"It is difficult to conquer the unrelenting critical self-talk that accumulates and holds you emotionally hostage when facing tough times or even a tough day." -Edy Nathan, MA, LCSW
New York, NY (PRWEB) April 10, 2014
Edy Nathan MA, LCSW today published five practical tips on her popular blog to help those experiencing difficult times. As an expert in the way grief affects people throughout all stages of life, Nathan has developed her recommendations to address both short-term and long-term hardship.
"Grief is present in daily life," said Nathan. "A tough day can evoke a response with core emotions that are also part of the inherent phases within the lifecycle of mourning."
She breaks down the effects of grief into the “Big G’s” (often longer-term grief) and “Little G’s” (smaller grief that is typically shorter in duration). A tough day would be classified as a Little G, while a tough period of time is often part of the Big G collective. The way in which people cope with tough times often informs them about the way they will handle a longer term, more derisive tough time.
“It is difficult to conquer the unrelenting critical self-talk that accumulates and holds you emotionally hostage when facing tough times or even a tough day,” said Nathan.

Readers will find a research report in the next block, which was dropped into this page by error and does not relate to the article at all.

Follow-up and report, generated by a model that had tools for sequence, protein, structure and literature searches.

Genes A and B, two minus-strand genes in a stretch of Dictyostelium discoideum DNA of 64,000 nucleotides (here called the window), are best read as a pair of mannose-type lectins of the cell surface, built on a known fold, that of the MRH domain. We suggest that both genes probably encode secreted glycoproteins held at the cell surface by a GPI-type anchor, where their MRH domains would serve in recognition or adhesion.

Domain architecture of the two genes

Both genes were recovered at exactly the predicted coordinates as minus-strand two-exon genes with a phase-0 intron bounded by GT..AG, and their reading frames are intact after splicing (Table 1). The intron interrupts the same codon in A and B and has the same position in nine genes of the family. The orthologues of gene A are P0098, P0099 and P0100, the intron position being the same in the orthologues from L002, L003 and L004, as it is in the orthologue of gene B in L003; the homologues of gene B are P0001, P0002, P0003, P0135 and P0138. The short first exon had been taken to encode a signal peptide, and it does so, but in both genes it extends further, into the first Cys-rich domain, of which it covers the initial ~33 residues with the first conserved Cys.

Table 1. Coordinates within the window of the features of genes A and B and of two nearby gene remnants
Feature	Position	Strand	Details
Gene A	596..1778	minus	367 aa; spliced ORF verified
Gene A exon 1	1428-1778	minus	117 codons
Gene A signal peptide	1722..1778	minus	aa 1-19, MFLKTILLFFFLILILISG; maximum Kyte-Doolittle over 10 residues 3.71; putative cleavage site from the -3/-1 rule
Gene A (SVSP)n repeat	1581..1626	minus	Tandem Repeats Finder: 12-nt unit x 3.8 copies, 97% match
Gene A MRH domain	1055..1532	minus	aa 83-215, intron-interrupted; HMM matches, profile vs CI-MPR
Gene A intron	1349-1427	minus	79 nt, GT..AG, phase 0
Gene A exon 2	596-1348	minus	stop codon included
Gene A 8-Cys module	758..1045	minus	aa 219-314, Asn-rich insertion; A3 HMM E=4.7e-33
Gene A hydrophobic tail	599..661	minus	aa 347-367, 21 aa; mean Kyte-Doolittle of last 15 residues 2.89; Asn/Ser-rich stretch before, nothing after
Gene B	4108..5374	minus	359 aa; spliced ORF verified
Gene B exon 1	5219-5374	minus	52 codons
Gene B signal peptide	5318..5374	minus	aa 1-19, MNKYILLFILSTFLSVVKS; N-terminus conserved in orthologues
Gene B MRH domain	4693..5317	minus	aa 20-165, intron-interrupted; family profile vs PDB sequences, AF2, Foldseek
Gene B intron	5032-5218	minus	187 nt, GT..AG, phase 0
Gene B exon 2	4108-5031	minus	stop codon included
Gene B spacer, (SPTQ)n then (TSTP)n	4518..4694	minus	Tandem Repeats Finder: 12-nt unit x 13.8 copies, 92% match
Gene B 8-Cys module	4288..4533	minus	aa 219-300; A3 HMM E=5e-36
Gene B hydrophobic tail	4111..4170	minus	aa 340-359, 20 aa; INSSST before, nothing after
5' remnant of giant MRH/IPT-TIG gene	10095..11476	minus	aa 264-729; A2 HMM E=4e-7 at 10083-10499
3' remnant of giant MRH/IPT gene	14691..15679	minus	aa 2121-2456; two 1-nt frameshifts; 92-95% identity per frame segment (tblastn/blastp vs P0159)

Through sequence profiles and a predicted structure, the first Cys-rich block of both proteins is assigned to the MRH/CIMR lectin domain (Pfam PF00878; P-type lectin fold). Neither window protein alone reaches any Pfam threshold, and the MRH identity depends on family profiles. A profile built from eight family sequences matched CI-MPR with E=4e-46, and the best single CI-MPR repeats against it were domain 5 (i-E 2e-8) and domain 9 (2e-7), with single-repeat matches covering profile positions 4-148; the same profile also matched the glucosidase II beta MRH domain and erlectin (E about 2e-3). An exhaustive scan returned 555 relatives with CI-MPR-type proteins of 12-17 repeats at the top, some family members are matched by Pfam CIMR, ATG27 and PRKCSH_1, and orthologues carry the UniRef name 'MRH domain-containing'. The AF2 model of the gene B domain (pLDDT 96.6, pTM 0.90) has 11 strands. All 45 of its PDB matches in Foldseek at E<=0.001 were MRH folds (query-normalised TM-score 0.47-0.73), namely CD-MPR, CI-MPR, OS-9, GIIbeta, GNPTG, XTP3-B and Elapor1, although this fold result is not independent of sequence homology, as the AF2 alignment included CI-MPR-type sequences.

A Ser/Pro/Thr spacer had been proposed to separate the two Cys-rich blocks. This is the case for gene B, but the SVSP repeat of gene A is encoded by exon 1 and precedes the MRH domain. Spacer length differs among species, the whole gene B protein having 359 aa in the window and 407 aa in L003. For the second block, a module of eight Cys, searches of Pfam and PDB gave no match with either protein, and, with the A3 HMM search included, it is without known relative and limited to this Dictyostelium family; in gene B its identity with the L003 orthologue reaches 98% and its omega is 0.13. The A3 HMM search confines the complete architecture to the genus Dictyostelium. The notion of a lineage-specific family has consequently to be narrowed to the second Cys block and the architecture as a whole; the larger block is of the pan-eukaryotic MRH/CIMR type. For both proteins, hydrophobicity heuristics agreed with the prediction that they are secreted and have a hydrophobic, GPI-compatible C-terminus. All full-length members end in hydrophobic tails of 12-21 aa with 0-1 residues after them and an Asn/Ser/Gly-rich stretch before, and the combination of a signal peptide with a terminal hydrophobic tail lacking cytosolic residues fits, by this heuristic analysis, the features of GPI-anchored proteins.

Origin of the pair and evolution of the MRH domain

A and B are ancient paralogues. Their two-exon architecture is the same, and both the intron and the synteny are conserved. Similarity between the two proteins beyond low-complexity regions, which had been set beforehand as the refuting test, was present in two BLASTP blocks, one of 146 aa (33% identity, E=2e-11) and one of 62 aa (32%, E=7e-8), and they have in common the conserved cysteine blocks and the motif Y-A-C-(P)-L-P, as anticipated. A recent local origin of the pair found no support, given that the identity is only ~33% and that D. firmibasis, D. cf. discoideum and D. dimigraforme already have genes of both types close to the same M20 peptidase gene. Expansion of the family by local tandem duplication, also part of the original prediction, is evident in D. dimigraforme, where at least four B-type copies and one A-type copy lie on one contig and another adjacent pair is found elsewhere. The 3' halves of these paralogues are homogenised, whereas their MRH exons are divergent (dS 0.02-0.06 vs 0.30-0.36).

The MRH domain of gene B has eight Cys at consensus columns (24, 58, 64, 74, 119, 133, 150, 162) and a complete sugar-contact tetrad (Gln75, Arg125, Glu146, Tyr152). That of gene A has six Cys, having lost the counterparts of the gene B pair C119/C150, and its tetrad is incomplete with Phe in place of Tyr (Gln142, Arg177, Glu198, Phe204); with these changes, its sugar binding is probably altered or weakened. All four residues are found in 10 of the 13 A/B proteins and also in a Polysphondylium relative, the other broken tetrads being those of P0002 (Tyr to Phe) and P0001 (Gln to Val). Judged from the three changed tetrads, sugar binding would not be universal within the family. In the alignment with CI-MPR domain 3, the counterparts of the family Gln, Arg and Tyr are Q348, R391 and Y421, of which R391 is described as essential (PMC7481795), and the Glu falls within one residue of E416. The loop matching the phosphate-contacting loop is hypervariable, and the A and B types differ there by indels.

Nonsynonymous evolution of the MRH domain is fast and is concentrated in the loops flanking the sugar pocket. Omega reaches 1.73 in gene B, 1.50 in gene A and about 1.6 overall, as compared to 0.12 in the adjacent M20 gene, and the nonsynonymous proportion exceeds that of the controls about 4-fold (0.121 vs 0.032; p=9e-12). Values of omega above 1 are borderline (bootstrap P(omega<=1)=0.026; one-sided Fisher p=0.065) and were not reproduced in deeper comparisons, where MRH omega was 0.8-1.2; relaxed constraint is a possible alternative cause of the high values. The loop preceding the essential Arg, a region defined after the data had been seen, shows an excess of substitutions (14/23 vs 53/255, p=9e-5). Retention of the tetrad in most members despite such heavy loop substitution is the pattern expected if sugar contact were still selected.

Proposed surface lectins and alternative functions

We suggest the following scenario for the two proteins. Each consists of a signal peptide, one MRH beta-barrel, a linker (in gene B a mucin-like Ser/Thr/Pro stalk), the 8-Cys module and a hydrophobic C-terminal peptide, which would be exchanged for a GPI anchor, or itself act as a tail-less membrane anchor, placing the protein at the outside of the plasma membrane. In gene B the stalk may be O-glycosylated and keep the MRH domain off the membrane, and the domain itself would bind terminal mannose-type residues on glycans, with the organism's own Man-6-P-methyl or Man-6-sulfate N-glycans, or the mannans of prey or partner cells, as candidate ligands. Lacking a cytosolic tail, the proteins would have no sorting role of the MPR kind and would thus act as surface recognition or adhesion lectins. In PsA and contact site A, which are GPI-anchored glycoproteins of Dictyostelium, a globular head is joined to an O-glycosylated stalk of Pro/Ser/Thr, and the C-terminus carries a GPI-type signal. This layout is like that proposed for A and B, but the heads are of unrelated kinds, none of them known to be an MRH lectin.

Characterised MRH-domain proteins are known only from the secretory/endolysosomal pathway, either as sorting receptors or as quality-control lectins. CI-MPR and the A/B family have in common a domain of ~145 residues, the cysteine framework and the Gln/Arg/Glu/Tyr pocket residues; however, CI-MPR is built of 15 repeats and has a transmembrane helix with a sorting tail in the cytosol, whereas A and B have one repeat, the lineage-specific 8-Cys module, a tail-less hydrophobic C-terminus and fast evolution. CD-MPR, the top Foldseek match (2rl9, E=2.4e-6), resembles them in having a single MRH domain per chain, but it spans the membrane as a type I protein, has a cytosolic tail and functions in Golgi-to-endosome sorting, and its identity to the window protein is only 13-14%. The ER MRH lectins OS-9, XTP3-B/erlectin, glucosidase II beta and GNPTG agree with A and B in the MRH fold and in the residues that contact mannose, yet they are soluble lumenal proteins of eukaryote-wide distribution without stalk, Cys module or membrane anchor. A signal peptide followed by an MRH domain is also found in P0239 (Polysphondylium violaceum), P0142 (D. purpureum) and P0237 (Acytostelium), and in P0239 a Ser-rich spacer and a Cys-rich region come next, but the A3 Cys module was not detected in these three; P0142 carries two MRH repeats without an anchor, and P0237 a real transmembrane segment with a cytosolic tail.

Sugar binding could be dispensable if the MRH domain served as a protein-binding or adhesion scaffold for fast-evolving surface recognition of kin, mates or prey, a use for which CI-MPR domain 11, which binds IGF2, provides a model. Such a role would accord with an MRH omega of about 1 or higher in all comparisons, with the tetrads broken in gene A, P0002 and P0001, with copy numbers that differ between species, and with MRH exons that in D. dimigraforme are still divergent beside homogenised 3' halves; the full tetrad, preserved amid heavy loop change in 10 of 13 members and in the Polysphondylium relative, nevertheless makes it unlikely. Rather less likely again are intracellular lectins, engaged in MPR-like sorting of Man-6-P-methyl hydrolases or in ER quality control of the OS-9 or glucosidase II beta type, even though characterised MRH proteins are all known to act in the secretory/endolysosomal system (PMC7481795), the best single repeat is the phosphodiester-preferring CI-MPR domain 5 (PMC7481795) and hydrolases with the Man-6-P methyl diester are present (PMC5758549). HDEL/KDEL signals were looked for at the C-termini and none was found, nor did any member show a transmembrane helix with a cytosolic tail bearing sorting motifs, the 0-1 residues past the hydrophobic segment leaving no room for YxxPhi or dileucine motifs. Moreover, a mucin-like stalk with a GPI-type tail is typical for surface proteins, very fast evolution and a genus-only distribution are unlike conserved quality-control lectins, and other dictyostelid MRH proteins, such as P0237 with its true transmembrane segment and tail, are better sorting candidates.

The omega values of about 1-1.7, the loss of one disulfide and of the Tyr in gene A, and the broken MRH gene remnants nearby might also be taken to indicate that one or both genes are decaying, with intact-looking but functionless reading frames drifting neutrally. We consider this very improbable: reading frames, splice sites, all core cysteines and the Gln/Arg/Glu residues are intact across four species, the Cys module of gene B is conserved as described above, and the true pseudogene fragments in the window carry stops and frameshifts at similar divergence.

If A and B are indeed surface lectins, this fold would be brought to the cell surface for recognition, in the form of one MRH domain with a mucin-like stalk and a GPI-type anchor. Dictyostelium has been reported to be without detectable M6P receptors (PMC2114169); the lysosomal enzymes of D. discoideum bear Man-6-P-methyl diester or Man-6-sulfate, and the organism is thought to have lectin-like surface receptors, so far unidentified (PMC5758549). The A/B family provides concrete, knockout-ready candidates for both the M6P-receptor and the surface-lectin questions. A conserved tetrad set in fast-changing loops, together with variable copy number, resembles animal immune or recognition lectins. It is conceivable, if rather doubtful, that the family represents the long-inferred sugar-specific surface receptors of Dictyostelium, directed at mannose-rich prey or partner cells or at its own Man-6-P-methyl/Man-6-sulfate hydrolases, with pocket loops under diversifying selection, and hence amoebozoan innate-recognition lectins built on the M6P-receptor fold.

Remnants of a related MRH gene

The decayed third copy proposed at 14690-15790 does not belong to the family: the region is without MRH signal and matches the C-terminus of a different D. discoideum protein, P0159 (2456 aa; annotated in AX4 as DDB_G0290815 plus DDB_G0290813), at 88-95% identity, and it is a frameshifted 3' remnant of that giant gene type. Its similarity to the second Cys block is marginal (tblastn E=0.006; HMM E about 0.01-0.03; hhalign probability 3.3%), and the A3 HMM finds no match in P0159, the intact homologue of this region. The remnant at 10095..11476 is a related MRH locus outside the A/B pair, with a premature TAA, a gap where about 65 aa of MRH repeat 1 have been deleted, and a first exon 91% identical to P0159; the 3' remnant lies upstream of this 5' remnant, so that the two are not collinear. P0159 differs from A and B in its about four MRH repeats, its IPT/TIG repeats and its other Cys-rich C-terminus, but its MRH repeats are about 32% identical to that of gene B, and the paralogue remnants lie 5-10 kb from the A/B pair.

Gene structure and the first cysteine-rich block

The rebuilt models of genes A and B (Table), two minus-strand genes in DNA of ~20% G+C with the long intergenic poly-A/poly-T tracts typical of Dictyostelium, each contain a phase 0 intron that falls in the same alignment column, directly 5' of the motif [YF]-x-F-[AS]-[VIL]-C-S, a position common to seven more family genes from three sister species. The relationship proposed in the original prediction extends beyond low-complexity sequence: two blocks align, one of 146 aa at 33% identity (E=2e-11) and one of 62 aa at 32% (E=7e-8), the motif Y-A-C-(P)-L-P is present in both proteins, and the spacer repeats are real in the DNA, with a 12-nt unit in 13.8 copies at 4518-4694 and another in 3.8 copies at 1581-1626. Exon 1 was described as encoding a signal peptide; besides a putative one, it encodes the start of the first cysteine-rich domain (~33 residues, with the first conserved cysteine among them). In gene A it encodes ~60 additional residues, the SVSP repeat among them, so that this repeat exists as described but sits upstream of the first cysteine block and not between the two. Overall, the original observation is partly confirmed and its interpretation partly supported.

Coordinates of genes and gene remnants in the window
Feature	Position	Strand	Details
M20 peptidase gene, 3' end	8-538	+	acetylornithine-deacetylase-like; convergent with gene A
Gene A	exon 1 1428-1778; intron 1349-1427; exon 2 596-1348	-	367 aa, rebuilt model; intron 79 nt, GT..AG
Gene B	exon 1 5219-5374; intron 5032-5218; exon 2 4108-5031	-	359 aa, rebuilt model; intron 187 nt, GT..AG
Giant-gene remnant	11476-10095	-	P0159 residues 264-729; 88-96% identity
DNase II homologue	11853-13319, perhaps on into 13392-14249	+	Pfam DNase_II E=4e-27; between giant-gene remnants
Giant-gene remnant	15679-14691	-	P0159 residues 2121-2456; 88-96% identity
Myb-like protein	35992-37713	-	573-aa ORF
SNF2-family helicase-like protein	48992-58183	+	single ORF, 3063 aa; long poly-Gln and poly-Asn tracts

With this in mind, Nathan has formulated the following tips to enable forward movement from powerlessness to empowerment – especially in the midst of hardship. To do so, one must:
1. Get in touch with the survivor within him or herself. Tough times do help people toughen up.
2. Face the challenge of adversity rather than run from it. The self in adversity is never met in the good times. Once met, adversity is not feared; rather, it is seen as a challenge.
3. Change his or her thoughts about the situation, if the situation itself cannot be changed. Find something funny or amusing about the situation. Even in the worst of times, humor can alleviate the surge of emotional pain and powerlessness.
4. Embrace the fact that obstacles are the greatest teachers. Dance with them, don’t get overtaken by their resiliency. Assess, understand, change and take charge! This is the flexible self.
5. Turn powerlessness into power: Imagine a positive outcome, share it with others, commit to it and talk the power game.
As Sun Tzu said, “If you know the enemy and know yourself, you need not fear the results of a hundred battles.”
More details are available on Nathan’s blog.
About Edy Nathan
Edy Nathan is a licensed psychotherapist with over 20 years of experience specializing in the integration of psychotherapy and the world of spirituality. For two seasons she was the therapist on the A&E TV Show, “Psychic Kids”. She holds Masters from both New York University and Fordham University. She has post-graduate training from the Ackerman Institute for Family Therapy, The Gestalt Center and the Jungian Institute. She is a certified EMDR practitioner, regression therapist, certified hypnotherapist and grief expert.
To find out more, visit http://www.EdyNathan.com.